20. Legumes contain anti-nutrients and often require cooking. Legume sprouts can contain some anti-insecticidal compounds designed to repel insects which may otherwise eat the sprout as it begins to grow in the ground. This is a function of natural selection over many generations of these plants to increase their chances of survival. Unfortunately these compounds can be toxic to humans, sometimes cumulatively. Alfalfa sprouts contain l-canavanine, an unusual amino acid that has been known to result in some toxicity and joint stiffness in humans. Therefore, it is not recommended to use these as a primary daily protein source, although eaten occasionally they seem acceptable.


21. Bee Pollen is a concentrated nutrient-dense superfood. Rarely, SOME INDIVIDUALS CAN BE HIGHLY ALLERGIC, AND FOR THEM EATING IT CAN BE LIFE-ENDANGERING. Be very careful if you've never used it before. It is usually purchasable in a dried form, so the temperature of drying must be below 110 degrees Fahrenheit. If it is stored moist, it can grow mould, and from this can contain mycotoxins and a coumarin-like compound that may excessively thin the blood. Provided an individual has no allergy, fresh raw pollen is fine moist, and can be stored in the fridge, although it can be difficult to obtain.


22. Raw dairy products (especially fermented) have been a traditional food for many cultures. Pasteurised dairy products are not raw €“ they have been heated. Raw dairy products can contain dangerous bacteria, as can any food. For more information refer to websites,, and Ron Schmid's book The Story of Milk.. Traditionally, dairy products were cultured and predigested with friendly bacteria. I have noted in clinical and personal observation that fermented raw dairy products seem to be better assimilated and make no or very little mucous, as compared with pasteurized dairy products. Also consider very carefully if the cows were pastured, or feed-lot.


23. Raw eggs can contain bacteria like salmonella, and mycotoxins/fungal toxins if the feed of the chickens contained mouldy corn, for example. The raw egg white contains avidin, a Biotin (one of the B vitamins) inhibitor. I read about one Olympic Health Nut in England who had 13 dozen raw eggs a week and managed to induce Biotin deficiency. He may be the only person on record as having achieved this, because it is very difficult to do. Biotin is contained in many foods, and to induce deficiency of it in animals is incredibly difficult, because so many foods contain it. (From memory the preceding two points were mentioned in a book called A Diet of Tripe. I don't remember the author.) According to Edward Howell in his book Enzyme Nutrition, raw egg white also contains a decarboxylpeptidase inhibitor. It is my belief that the quantities of enzyme inhibitors in raw egg white are minimal, and not enough to disturb the balance of health of a person with a half-decent diet. On the contrary, I believe they may be an excellent source of raw protein, if ingested in small quantities on a regular basis. We are the only animal in nature that cooks eggs. You could try it cracked into warm porridge, a bowl of brown rice, stirred through a stir-fry on serving, blended into a smoothie, vegetable juice or salad dressing, or, if you can enjoy it, sucked or swallowed raw. If you choose to use these as a source, I recommend you crack the egg into a cup first, and smell it to ensure it is not off. This seems to be a superior test to the float method, as some eggs that sink in water can still smell off. Salmonella growth in eggs has been a concern to some health authorities, so the age of the egg since laying and it's transport and storage conditions including termperature may be important to consider, as well as the overall health of the laying hens.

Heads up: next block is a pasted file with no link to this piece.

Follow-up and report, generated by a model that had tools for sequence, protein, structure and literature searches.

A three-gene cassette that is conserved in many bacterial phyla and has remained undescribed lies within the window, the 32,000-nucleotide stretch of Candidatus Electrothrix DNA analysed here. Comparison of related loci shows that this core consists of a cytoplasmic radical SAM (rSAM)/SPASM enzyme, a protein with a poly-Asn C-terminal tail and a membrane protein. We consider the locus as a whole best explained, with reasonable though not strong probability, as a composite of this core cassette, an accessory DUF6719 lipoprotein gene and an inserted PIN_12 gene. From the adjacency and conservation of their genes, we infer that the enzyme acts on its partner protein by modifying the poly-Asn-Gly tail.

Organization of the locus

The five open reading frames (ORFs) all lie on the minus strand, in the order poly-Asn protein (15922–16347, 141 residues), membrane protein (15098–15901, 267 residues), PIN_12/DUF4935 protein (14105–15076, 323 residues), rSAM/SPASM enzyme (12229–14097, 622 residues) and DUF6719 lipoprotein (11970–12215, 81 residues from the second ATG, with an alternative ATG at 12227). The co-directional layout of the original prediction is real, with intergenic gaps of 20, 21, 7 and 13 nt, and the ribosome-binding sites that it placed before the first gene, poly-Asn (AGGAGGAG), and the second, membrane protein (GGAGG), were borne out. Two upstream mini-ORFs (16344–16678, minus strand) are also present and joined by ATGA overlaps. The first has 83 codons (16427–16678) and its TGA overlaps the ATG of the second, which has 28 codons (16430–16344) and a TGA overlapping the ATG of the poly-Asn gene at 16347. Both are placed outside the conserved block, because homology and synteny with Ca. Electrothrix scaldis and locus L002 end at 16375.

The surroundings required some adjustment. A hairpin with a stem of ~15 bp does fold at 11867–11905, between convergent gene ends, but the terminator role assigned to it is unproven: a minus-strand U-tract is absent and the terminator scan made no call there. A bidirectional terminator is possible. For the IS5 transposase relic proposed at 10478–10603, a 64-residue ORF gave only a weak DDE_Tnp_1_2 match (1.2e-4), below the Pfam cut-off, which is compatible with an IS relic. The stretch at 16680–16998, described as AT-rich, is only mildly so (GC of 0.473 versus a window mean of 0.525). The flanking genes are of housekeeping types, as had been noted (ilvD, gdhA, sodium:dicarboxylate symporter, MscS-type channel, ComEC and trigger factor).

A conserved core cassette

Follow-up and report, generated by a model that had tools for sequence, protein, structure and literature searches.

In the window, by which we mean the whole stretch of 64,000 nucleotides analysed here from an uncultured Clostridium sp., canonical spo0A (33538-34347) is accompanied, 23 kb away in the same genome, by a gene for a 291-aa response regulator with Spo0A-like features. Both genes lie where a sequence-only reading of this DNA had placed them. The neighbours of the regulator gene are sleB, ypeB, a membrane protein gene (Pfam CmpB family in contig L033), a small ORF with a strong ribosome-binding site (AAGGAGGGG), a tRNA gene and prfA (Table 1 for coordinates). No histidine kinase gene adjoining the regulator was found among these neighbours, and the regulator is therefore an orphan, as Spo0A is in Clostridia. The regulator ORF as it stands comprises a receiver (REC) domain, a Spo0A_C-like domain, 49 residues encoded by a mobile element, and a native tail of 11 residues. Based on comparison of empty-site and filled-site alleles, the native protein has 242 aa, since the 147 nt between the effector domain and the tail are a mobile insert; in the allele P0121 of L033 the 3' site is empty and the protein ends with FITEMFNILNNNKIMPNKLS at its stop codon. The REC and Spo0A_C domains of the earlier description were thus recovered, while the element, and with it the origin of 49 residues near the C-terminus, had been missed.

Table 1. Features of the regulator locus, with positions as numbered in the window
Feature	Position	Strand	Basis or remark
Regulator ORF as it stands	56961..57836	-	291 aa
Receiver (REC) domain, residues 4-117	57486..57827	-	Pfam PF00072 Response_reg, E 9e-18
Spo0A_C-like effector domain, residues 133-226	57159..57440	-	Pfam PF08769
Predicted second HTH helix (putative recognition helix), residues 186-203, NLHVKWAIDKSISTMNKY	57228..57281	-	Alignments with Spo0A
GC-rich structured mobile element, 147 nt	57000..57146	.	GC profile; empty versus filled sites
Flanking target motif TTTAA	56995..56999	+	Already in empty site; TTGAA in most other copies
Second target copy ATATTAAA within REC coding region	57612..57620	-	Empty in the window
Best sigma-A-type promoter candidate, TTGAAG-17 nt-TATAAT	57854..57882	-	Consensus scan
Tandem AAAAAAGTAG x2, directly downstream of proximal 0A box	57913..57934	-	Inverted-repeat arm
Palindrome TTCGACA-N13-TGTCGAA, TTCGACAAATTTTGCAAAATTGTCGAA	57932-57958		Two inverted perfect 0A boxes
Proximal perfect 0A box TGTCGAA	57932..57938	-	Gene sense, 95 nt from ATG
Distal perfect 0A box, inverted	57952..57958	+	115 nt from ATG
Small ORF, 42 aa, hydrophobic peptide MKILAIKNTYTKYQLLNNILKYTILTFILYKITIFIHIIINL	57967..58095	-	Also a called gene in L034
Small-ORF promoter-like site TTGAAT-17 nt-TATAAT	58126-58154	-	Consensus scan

24. Raw animal tissue foods contain cathepsin, lipase, and other enzymes and nutrients which are not present in these foods once they are cooked. These enzymes result in autolysis (self-digestion) of the food, as its own enzymes digest it, making its nutrients more available. In all cases of raw animal foods, or animal foods in general, and particularly with brain tissue, it may be wise to ensure the health of the animals was excellent, and that no unnatural feeding habits or diseases were present. (e.g. Mad Cow Disease, BSE, TB) Transport and storage conditions including temperature may also need to be considered.


25. Raw fish has been used as a traditional food in many places in the world, including Japan, the arctic circle, the Polynesian and Melanesian islands, and parts of Asia and South America. It can contain parasites, or parasite eggs. These eggs have a protective coating that is eroded by acid, allowing them to hatch out. As the food bolus moves through into the small intestine, it is alkalinized by the watery bicarbonate solution secreted by the pancreas. This protects the newly hatched parasite from prolonged acid immersion, which would kill it, and so it lives to potentially enter the body of the ingester. This explains the tradition of acid-marinading (soaking) raw fish for 6-8 hours before eating. By this method, the parasite eggs hatch out in the acid, but there is no watery bicarbonate solution to save the hatchling parasite, and it perishes in the acid. For this acidic use, lime juice, lemon juice, strong kefir, cultured whey, A.G.M. Foods (Wynnum, Brisbane Ph: 3396 2866) B.E. liquid, and various types of natural vinegars can be used. Rollmops are another raw fish food tradition. It is worth considering, that the further up the food chain (trophic scale) the fish you select comes from, the more it may have had a chance to bio-accumulate toxic methyl mercury. For this reason, predominantly smaller vegetarian fish may be a better choice than larger carnivorous fish. Ciguatera toxin can occur in reef fish in certain areas of the world at certain times of the year, and may be better avoided.